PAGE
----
10. 6 Uniting the Arts and the Academy A History of the CAA Annual Conference
    (pp. 89-128)
    JULIA A. SIENKEWICZ

    The annual conference plays an ongoing role in reinforcing and redirecting the identity of the College Art Association. In many ways it is the heart of the organization. For young scholars, reference to the conference evokes anxious memories of job interviews or first presentations. For senior scholars, it means yearly reunions with friends, and a barrage of paper sessions, interviews, and meetings. The conference is an annual landmark in the career of most scholars in the arts.

    The annual conference was initiated in 1912 and promises to continue indefinitely. Its history is of wide-ranging importance beyond its impact on any...

  11. 7 Mentoring the Profession Career Development and Support
    (pp. 129-144)
    OFELIA GARCIA

    Central to the mission of a learned society is the nurturing of those who are the future of its field of study and of the professions that promote and enliven that field. Through the years the College Art Association has pursued this mission by creating, expanding, and, as time passes, elaborating on or modifying a great range of programs, services, and activities for its members and for the institutions that employ them. From concerns with the curricula of academic programs for art professionals, through services for appropriate employment and continued career development, to support and recognition of accomplishments at each...

  12. 8 Art in an Academic Setting Contemporary CAA Exhibitions
    (pp. 145-154)
    ELLEN K. LEVY

    As art has allied with the university as the central site of learning and disciplinary identity, the nature and purposes of art schools and exhibitions have changed, points well established by historian Howard Singerman.¹ Along with professionalization, a de-emphasis of traditional manual craft skills has occurred; interventions, “biologically attuned art” that includes bioart and synesthetic art, new media, environmental art, and performative practices take place alongside the production of traditional art objects. Contemporary artists often find that the university and its galleries enable necessary access to the expertise provided by professionals in other disciplines, to costly equipment, and to an...

  13. 9 CAA, Pedagogy and Curriculum A Historical Effort, An Unparalleled Wealth of Ideas
    (pp. 155-180)
    MATTHEW ISRAEL

    Since its founding in 1911 and throughout its history, the College Art Association has consistently sought to focus the fields of art history and studio art on issues of pedagogy and curriculum through a multitude of approaches, which have always been modified in intensity and scope to these fields’ changing needs. At first, because of the tenuous condition of the arts in American colleges during the 1910s and early 1920s, such a focus was crucial to CAA. Most important, it directly encouraged (most often through its presidents) individual scholarship on pedagogy and curriculum, which was presented at the annual meetings...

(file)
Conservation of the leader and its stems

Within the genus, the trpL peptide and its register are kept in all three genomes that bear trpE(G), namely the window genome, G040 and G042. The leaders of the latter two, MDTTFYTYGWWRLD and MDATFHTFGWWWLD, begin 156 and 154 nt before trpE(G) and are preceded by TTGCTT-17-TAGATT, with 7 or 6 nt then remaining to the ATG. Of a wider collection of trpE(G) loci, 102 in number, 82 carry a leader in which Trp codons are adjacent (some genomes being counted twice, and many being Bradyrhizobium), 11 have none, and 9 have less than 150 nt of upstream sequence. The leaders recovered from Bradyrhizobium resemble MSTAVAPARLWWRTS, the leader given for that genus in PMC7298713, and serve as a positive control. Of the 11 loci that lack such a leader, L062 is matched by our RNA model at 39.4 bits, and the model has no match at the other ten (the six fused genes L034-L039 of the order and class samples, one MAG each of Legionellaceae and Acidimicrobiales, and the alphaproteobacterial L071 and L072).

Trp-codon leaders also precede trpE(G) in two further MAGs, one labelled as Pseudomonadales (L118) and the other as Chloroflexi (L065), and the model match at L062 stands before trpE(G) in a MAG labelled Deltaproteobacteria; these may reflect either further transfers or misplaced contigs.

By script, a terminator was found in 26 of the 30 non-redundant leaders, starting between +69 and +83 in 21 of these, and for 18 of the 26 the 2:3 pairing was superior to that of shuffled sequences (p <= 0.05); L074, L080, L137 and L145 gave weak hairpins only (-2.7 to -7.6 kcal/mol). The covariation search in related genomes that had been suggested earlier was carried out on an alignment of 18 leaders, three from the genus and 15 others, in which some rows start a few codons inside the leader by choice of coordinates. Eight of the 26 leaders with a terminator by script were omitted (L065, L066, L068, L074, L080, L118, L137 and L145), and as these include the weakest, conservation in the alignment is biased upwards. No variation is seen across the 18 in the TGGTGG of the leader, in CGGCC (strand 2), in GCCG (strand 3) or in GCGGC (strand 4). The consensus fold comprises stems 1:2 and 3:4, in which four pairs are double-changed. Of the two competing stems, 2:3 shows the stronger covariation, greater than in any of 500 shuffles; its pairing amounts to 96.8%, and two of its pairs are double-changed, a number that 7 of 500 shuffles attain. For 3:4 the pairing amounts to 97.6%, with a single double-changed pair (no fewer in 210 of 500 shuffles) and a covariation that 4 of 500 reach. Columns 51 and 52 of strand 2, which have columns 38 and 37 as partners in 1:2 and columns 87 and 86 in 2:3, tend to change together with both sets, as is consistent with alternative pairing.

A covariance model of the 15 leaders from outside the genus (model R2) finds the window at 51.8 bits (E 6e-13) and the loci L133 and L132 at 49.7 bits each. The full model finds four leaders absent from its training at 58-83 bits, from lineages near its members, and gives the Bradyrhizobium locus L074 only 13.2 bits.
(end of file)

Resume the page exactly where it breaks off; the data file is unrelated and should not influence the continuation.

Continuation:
14. 10 Visual Resources for the Arts
    (pp. 181-192)
    CHRISTINE L. SUNDT

    Since its founding in 1911, CAA has tackled many causes in the name of education and for the betterment of society, but one, assuring that visual resources are available and accessible to all, can be traced as a common thread. The content of educational visual resources then as now remains closely aligned to classroom needs, but what changed over time were attitudes and positions regarding rights of access. Copyright now plays a much larger role than in CAA’s early days in determining what students see in class, how scholars use images in publications, and the costs of collecting, accessing, and...

  15. 11 Governance and Diversity
    (pp. 193-224)
    JUDITH K. BRODSKY, MARY D. GARRARD and FERRIS OLIN

    The two purposes pertaining to membership, governance, and diversity were formulated as a result of the College Art Association’s strategic planning in the 1990s. These purposes would have been inconceivable in 1911, when CAA was founded. The art historians and artist-teachers who formed the association were mostly white people of Northern European ethnicity. In this early period, the word “diversity” was associated more with the somewhat problematic makeup of CAA in terms of its membership and mission: (1) the uneasy alliance between artists and art historians, (2) the delicate balance between teaching and scholarship, and (3) the awkward geographic surplus...

  16. 12 CAA Advocacy The Nexus of Art and Politics
    (pp. 225-238)
    KAREN J. LEADER

    How does a professional organization with a politically diverse, geographically diffuse, and temperamentally challenging membership actively work to address the concerns of competing constituencies? Certainly, institutional labyrinths are part of the maneuverings of all such organizations, where Robert’s Rules of Order heroically push the proceedings beyond posturing and protecting territory. With the College Art Association it is that middle word in its name that has provided the colorful fireworks in its history of advocacy. The organization has repeatedly soul-searched regarding its mission and whom it serves, has considered a name change numerous times, and has mediated countless disagreements between artists,...

  17. Conclusion: The Next 100 Years
    (pp. 239-244)
    PAUL B. JASKOT

    The work of a learned society is a complex affair that requires balancing the general professional needs and concerns of a diverse membership with the specific support of individual opportunities for creative and scholarly production. The College Art Association in this regard is little different than the dozens of other groups that negotiate those rocky shoals, pressured by external economic and social changes on the one hand while attending to internal exertions of force to move the organization on the other. Yet, as the contributions in this volume have shown, the dynamic development of artists, art historians, and visual arts...

  18. APPENDIX A. PURPOSES
    (pp. 245-246)
  19. APPENDIX B. PRESIDENTS
    (pp. 247-249)
  20. APPENDIX C. ADMINISTRATORS
    (pp. 250-250)
  21. APPENDIX D. EDITORS OF CAA PUBLICATIONS
    (pp. 251-253)
  22. NOTES
    (pp. 254-290)
  23. BIBLIOGRAPHY
    (pp. 291-305)
  24. CONTRIBUTORS
    (pp. 306-310)
  25. INDEX
    (pp. 311-328)
  26. Back Matter
    (pp. 329-331)